On the second Day, the EXPO hall did not open until 1110. We were ready to go at 10am. Although the hall was not open (publically) people still showed up and we were ready to help and distribute Fedora. No one else was there except the CentOS folks. I guess during that time we had the corner on the market. The second day was slower than the previous day but it had its advantages. We had some repeat individuals that had more questions about other issues that they were seeing on the install. Nothing that we couldn’t handle there at the booth. Throughout the second day we noticed that there was not any really new individuals there, a few but not as many as expected. Our Red Hat Folks had talks on the second day and we had some conversations with them on how they felt the conference went. They were a little disappointed with the equipment issues that presented themselves during talks. Frustration on not having things work the way it should have to begin with. Bugs and Gremlins are always present and hopefully the next year they will have them all worked out to make for a smoother running conference. I had had a conversation with the event coordinator with the plus side and the down side of what was going on. I discussed the Hotel and equipment issues briefly. The hotel could not have been more accommodating; there were available snacks and drinks in a small on property quick mart, full restaurants, fast food, and a mini coffee shop. The accommodations were more than satisfactory (in fact pretty darn good) for a very reasonable price.
This conference I tried a few different ideas on how to gather information on what users want out of Fedora and anything they would like to see in the operating system. I used a simple note book to have people write down how they felt about the software and asked if they would write down their email address so that we could get back to them on what they inquire, statements, or wish list/requests.
Here are the ones that volunteered to participate;
Christopher Griffith (christopher.e.griffith@gmail.com) Referencing GNOME 3.X
“For GNOME 3.X I would like to keep it just as it is”
This individual was quite pleased in our use of GNOME

Michael Schultheiss (schultmc@cinlug.org)
“ I would like Broadcom Wireless Cards to work out of the box”
This person was quite frustrated with how Broadcom wireless requires manual configuration

Stephan Gross (stephangrossb@gmail.com)
“I love Fedora 20, Would love to see more integration with Open- box”
I had a great conversation with this person, he was quite happy with our product

Adnan Raja (araja@atlantic.net)
“We provide Fedora as an O/S on our cloud http://www.altantic.net, we would like to be listed on the Fedora Website”
Adnan is the director for Business Development for Atlantic.Net hosting solutions. This one I will have to kick to our legal team.

Aaron Honeycutt (aaronhoneycutt@kubuntu.org)
“We need Flash! Options to install non-free if we wish”
I answered this on the spot, this user was unaware that you could install Adobe Flash and that they offered the software in various formats for linux, i.e. rpm, and tar. We discussed this further, and the issue was that the request was to have it part of the base installs and that it should work after the first start up. We discussed the legal and license process and how that effects what is included in the O/S.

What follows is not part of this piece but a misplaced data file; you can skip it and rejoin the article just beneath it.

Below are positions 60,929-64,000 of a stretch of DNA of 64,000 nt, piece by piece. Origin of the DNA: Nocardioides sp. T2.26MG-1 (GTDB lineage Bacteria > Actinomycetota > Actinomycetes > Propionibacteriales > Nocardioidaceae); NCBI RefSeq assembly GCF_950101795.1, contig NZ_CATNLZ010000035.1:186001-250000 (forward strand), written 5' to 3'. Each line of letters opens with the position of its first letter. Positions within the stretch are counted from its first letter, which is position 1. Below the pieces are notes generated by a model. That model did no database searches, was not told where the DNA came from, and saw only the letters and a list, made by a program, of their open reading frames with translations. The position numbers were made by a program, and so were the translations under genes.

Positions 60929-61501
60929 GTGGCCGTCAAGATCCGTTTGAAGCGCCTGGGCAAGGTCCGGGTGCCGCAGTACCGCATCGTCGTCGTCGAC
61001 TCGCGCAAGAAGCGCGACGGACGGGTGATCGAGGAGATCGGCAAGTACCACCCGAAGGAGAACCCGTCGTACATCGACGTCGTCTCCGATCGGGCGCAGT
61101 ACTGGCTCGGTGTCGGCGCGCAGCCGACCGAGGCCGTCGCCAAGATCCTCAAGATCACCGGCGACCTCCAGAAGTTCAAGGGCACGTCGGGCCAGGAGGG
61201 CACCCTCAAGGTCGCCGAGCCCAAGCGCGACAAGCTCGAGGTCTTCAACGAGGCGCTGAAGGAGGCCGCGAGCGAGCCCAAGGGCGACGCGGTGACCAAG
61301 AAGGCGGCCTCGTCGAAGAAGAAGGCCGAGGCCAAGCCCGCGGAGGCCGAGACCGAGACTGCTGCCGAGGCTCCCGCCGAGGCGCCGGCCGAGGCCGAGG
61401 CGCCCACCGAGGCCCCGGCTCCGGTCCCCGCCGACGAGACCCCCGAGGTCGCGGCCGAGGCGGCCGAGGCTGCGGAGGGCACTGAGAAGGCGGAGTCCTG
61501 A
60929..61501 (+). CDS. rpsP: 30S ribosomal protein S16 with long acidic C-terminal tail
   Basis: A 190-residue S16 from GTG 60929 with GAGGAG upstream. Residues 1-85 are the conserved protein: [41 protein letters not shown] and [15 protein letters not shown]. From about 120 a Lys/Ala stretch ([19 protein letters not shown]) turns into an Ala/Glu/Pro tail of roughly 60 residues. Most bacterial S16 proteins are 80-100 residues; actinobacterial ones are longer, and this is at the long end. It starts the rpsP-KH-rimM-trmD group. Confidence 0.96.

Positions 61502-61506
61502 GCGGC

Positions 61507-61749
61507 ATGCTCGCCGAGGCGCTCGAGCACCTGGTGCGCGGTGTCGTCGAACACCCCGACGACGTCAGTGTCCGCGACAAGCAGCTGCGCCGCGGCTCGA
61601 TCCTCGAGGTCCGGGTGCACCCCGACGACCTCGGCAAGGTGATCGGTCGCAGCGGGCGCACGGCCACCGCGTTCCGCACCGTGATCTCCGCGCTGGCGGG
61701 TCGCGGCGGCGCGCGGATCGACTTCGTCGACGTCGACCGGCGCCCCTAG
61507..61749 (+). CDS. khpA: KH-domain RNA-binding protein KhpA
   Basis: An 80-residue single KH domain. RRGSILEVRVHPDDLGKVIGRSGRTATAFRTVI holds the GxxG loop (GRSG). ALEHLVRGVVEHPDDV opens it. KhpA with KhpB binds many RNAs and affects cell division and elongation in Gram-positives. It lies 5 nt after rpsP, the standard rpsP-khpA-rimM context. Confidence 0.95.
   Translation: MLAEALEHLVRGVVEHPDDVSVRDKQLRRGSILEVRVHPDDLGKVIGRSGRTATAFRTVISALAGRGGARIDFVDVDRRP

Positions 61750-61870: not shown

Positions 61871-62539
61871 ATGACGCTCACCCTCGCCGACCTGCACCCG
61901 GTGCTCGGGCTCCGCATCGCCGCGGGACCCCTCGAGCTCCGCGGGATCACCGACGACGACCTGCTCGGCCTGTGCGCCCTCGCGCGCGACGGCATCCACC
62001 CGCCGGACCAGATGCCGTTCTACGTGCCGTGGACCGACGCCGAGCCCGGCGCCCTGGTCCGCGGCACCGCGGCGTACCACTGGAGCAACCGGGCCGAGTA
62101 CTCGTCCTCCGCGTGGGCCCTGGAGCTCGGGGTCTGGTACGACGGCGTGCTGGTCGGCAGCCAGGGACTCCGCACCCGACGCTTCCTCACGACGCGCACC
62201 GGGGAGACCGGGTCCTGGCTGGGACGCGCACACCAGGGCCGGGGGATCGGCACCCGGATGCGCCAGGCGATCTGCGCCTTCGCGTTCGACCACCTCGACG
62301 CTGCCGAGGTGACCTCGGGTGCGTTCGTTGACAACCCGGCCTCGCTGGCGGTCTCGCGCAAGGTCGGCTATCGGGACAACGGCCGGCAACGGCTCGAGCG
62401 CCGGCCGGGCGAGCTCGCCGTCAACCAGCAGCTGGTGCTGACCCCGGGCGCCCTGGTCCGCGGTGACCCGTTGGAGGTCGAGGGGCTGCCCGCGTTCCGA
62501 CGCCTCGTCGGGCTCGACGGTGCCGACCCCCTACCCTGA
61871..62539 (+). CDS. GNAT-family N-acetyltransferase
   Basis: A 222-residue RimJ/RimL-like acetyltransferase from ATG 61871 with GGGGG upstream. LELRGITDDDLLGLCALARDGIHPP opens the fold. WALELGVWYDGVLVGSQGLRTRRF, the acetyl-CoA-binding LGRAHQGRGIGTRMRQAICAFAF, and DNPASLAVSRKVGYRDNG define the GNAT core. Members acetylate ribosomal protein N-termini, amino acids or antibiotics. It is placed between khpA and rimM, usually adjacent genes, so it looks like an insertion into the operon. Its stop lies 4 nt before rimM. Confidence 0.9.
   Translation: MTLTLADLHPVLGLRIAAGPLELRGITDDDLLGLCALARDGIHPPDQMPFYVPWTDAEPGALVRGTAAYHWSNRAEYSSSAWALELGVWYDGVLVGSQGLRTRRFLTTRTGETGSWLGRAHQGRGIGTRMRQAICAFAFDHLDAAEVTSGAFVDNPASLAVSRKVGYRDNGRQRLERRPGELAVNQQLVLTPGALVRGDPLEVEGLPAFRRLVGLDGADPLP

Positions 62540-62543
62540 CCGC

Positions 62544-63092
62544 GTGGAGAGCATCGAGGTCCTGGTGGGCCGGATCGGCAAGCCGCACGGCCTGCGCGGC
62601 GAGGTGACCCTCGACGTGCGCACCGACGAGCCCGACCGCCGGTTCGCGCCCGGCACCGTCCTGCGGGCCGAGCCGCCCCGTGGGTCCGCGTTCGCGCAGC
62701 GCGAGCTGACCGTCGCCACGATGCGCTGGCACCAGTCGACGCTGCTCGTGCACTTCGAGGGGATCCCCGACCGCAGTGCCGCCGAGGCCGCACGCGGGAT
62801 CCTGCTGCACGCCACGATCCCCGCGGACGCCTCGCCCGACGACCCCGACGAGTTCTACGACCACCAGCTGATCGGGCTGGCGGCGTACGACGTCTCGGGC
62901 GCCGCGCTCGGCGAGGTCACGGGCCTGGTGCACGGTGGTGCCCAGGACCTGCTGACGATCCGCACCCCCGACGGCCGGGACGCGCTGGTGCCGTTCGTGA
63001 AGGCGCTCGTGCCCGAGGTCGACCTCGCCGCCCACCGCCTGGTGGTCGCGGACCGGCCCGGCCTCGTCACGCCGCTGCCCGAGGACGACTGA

Chris Crisafulli (itnet7@ubuntu.com)
“Citrix Leacuent easier installation packages that can do better SSL handling”
This person had some difficulty in citrix installations with Fedora, I tried to get the specific information but could not get the details on what he was having specific problems on.

Thomas Michrud (Thomas.michrud@gmail.com) CHEF/Docker/ETC
“Data base package easier for users than RPMs? And a Larger selction?”
I had to kick this one to our package teams, I think he was looking for an integration solution for CHEF

Samuel GreenFeld (Samuel@greenfeld.org/greenfeld@laptop.org)
I would like to extend a special Thank YOU to this individual. We spent some time talking about the OLPC. Since this person had worked for the company that made the unit, he inspected ours and said he would be back. When he came back he donated a new battery for the unit and updated XO to 13.2.1 release (Fedora 18). He also showed us the new product the company had produced, he still preferred the OLPC over the tablet.

Summary. The event overall was productive and informative. We feel that the event will only grow to a larger event if the coordinators can reach out to the surrounding larger cities such as Tampa, Miami, West Palm Beach/Ft Lauderdale, Tallahassee, and Jacksonville areas. These larger areas in fact do have a large Linux community and would probably travel if the correct advertising and reaching out to local Lugs is achieved. We will definitely attend the next FOSSETCON. Here is the pro’s and con’s of the event.

CON’s
Equipment issues
EXPO area to open earlier and possibly larger booth areas
More incentive to attract everyday users (door prizes, drawings)
WiFi (little slow)
Cost for attendance for attendees (may want to drop the price)

PRO’s
Resort and location (clean, fair pricing, and parking)
Availability of food and restaurants on and off site
Booth setup and amenities
Event Staff friendly and helpful
Communications (event staff) Had answers for questions or problems.

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Southeast Linux Fest 2014 in Charolette NC

Self2014

Recently I attended the event representing Fedora, Please note the file above, it describes our experiance

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LINUXCON North America New Orleans

Please read my report from the Linuxcon North America held in New Orleans LA

linuxconreport